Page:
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This article was published 9/5/2013 (1206 days ago), so information in it may no longer be current.
Death toll tops 1,000
DHAKA, Bangladesh -- The death toll from a garment factory building that collapsed outside the Bangladesh capital has passed 1,000, as recovery workers continue pulling bodies from the wreckage more than two weeks after the disaster.
Officials say 1,021 bodies have been recovered from the rubble of the fallen eight-storey building as of Friday morning.
It is not clear what the final toll will be from the disaster, already the world's deadliest garment industry disaster and one of the worst industrial accidents.
Hezbollah looks to Syria
BEIRUT -- Syria will supply "game-changing" weapons to Hezbollah, the chief of the Lebanese militant group said Thursday, less than a week after Israeli airstrikes on Damascus targeted alleged shipments of advanced Iranian missiles bound for Hezbollah.
Israel has signalled it will respond with airstrikes to any future weapons shipments, meaning it could quickly get drawn into Syria's civil war if the Hezbollah chief's declaration is more than an empty threat.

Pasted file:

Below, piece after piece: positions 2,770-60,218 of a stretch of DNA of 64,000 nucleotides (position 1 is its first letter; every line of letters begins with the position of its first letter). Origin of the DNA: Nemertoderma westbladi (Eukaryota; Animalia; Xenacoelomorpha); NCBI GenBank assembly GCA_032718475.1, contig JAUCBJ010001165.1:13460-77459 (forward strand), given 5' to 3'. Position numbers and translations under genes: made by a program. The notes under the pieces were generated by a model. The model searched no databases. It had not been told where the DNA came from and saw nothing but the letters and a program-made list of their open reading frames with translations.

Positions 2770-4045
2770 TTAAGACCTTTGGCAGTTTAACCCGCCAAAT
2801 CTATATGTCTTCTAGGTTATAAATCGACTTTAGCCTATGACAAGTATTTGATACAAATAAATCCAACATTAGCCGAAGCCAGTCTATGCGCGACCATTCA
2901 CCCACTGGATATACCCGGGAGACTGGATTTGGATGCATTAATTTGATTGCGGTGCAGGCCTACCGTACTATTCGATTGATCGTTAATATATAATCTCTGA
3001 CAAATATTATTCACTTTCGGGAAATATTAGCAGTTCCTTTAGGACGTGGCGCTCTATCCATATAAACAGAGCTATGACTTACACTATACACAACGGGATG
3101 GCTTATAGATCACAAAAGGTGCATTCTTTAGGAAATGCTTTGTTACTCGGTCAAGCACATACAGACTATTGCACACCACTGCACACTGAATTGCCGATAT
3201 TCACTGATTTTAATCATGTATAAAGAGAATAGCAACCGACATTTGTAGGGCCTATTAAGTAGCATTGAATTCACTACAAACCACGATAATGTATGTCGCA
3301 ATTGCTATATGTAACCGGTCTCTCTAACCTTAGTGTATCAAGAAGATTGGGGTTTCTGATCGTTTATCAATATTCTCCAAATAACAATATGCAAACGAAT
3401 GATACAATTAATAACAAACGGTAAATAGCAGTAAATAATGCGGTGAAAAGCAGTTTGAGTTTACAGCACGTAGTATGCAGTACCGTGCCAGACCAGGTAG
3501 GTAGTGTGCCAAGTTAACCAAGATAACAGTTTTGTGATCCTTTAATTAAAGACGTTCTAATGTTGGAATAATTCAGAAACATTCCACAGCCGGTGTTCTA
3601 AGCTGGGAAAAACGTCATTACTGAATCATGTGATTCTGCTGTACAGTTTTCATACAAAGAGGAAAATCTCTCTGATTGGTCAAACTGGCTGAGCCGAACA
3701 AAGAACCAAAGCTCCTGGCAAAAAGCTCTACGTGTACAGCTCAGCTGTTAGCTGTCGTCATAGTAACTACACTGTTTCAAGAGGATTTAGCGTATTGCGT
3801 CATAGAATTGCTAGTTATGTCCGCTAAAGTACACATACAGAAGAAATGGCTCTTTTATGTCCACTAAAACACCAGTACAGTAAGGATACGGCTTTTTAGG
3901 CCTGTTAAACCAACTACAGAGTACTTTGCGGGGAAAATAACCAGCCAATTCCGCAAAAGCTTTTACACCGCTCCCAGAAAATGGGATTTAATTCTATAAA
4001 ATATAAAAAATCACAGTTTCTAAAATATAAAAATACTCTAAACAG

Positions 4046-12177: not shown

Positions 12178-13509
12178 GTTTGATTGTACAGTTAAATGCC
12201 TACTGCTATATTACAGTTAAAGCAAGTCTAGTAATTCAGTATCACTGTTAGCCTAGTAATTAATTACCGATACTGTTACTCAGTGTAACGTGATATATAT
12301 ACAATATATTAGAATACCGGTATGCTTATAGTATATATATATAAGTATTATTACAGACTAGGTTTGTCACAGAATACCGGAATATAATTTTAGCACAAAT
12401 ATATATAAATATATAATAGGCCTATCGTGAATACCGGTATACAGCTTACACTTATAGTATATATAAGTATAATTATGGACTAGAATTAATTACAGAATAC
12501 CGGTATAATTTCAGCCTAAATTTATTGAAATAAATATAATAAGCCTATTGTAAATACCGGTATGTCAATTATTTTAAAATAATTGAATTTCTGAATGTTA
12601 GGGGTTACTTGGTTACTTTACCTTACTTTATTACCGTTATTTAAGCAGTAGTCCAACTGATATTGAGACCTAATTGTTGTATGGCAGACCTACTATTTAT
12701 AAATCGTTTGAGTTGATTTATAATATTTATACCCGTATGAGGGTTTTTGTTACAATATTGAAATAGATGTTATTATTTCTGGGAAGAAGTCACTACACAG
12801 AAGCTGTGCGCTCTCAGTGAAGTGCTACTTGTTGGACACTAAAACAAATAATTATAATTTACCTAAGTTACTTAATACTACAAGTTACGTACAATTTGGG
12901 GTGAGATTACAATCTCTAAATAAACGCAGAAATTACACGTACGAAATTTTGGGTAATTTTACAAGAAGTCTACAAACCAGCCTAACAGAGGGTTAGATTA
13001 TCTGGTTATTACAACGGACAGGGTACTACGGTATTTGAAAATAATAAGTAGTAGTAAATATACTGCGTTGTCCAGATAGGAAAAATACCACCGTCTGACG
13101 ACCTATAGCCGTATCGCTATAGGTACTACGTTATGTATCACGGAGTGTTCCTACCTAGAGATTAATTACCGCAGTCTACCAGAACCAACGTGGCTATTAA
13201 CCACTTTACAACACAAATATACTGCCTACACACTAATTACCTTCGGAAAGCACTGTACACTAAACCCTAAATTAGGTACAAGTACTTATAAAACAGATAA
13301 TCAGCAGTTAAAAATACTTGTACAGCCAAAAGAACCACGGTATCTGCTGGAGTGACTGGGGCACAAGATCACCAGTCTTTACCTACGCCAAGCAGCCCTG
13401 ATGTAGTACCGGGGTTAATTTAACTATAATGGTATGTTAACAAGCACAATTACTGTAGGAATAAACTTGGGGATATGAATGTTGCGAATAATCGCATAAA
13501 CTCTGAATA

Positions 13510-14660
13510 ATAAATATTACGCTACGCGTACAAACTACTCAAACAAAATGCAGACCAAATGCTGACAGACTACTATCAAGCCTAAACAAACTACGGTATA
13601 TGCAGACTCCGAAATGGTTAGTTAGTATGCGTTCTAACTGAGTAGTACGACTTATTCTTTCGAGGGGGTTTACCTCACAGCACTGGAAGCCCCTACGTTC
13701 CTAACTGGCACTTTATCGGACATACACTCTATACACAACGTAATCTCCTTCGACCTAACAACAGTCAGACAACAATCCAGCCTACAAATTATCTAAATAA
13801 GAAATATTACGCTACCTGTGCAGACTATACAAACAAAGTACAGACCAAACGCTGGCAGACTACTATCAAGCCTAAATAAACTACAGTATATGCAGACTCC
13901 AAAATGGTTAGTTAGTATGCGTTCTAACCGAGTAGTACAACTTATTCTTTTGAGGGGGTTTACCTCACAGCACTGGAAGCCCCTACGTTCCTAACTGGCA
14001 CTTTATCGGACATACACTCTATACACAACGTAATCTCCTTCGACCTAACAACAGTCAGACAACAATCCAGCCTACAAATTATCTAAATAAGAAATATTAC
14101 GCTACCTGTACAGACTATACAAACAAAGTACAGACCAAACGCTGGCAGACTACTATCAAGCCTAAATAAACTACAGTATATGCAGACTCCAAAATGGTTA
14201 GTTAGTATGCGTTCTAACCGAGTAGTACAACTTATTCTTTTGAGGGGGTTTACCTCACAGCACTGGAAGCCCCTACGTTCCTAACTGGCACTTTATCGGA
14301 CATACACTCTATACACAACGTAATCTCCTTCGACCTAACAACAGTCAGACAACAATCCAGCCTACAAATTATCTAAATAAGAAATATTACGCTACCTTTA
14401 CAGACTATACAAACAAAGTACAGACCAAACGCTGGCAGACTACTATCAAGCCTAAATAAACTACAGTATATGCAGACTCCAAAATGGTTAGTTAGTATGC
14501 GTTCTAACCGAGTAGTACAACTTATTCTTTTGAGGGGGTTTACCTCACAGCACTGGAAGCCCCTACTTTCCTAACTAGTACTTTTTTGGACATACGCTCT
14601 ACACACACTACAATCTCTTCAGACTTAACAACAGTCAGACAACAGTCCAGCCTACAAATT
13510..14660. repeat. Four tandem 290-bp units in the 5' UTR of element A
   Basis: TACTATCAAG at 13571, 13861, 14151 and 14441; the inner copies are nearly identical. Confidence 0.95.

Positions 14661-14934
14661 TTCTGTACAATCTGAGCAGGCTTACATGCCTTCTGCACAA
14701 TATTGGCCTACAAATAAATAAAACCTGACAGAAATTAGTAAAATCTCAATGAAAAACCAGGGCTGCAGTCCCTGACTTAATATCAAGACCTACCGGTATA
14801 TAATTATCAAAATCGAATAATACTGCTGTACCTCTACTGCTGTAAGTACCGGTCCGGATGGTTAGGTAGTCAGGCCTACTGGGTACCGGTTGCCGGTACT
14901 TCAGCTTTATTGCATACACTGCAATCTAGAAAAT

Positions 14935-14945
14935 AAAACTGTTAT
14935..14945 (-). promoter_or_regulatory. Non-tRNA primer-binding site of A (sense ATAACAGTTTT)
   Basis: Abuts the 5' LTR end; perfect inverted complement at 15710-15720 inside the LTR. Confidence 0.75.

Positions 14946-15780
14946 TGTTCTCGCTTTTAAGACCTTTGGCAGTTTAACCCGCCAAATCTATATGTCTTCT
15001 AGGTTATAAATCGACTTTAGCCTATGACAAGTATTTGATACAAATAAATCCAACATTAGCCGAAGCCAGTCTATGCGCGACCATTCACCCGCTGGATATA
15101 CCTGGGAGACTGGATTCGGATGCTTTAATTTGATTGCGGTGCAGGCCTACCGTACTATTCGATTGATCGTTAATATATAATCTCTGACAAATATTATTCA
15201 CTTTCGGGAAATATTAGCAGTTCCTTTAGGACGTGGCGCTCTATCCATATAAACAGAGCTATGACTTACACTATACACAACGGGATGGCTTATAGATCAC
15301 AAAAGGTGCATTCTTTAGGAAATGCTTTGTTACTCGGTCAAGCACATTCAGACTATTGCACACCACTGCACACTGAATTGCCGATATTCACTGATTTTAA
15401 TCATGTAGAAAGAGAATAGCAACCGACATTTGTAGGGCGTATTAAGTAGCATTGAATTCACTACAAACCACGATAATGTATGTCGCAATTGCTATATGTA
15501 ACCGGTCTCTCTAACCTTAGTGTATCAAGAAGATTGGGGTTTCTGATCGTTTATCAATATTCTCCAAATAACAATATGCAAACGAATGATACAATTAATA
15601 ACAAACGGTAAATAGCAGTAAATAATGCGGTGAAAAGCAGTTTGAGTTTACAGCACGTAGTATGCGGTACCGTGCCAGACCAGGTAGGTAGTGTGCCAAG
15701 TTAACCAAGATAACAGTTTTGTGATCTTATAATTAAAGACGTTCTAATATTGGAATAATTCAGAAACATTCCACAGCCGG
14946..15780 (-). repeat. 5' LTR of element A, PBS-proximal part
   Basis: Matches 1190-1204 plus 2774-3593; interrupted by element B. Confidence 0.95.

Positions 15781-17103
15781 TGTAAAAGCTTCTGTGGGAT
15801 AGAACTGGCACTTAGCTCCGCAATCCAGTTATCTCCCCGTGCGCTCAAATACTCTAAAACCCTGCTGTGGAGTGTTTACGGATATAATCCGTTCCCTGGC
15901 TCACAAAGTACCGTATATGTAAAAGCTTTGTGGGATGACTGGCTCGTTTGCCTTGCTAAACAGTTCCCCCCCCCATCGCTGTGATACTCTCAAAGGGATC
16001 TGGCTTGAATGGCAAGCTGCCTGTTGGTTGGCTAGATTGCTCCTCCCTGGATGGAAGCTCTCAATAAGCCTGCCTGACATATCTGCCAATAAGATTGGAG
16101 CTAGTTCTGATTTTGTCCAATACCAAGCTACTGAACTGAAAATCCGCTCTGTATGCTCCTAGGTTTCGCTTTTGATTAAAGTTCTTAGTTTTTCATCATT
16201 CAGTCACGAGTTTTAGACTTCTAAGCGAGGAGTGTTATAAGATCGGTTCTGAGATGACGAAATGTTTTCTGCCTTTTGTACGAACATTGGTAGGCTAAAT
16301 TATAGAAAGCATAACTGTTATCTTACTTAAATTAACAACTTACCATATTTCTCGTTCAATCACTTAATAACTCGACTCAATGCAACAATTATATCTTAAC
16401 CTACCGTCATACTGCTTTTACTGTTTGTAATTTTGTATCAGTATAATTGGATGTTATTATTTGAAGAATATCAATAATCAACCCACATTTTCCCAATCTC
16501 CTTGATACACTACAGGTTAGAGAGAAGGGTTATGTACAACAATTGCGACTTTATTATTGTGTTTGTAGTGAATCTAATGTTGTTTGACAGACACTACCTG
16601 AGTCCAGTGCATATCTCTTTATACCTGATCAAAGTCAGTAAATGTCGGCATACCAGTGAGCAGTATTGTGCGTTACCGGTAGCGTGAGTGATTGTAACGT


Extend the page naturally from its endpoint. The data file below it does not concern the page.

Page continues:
Tension has been rising in the region since Israel struck targets inside Syria on Friday and Sunday. Hezbollah and Israel fought several battles in the past three decades, including a 34-day war in 2006 that left some 1,200 Lebanese and 160 Israelis dead.
Israel has largely tried to stay out of Syria's 26-month-old conflict. It never acknowledged the airstrikes, but Israeli officials have signalled Israel's air force would strike against any shipments of strategic missiles that might be bound for Hezbollah.
Space station springs leak
WASHINGTON -- The International Space Station has a radiator leak in its power system. The outpost's commander calls the situation serious, but not life-threatening.
The six-member crew on Thursday noticed white flakes of ammonia leaking out of the station. Ammonia runs through multiple radiator loops to cool the station's power system. NASA said the leak is increasing from one previously leaking loop that can be bypassed if needed. NASA spokesman Bob Jacobs said engineers are working on rerouting electronics just in case the loop shuts down. The Earth-orbiting station has backup systems.
Space station Commander Chris Hadfield of Canada tweeted the problem, while serious, was stabilized.
-- The Associated Press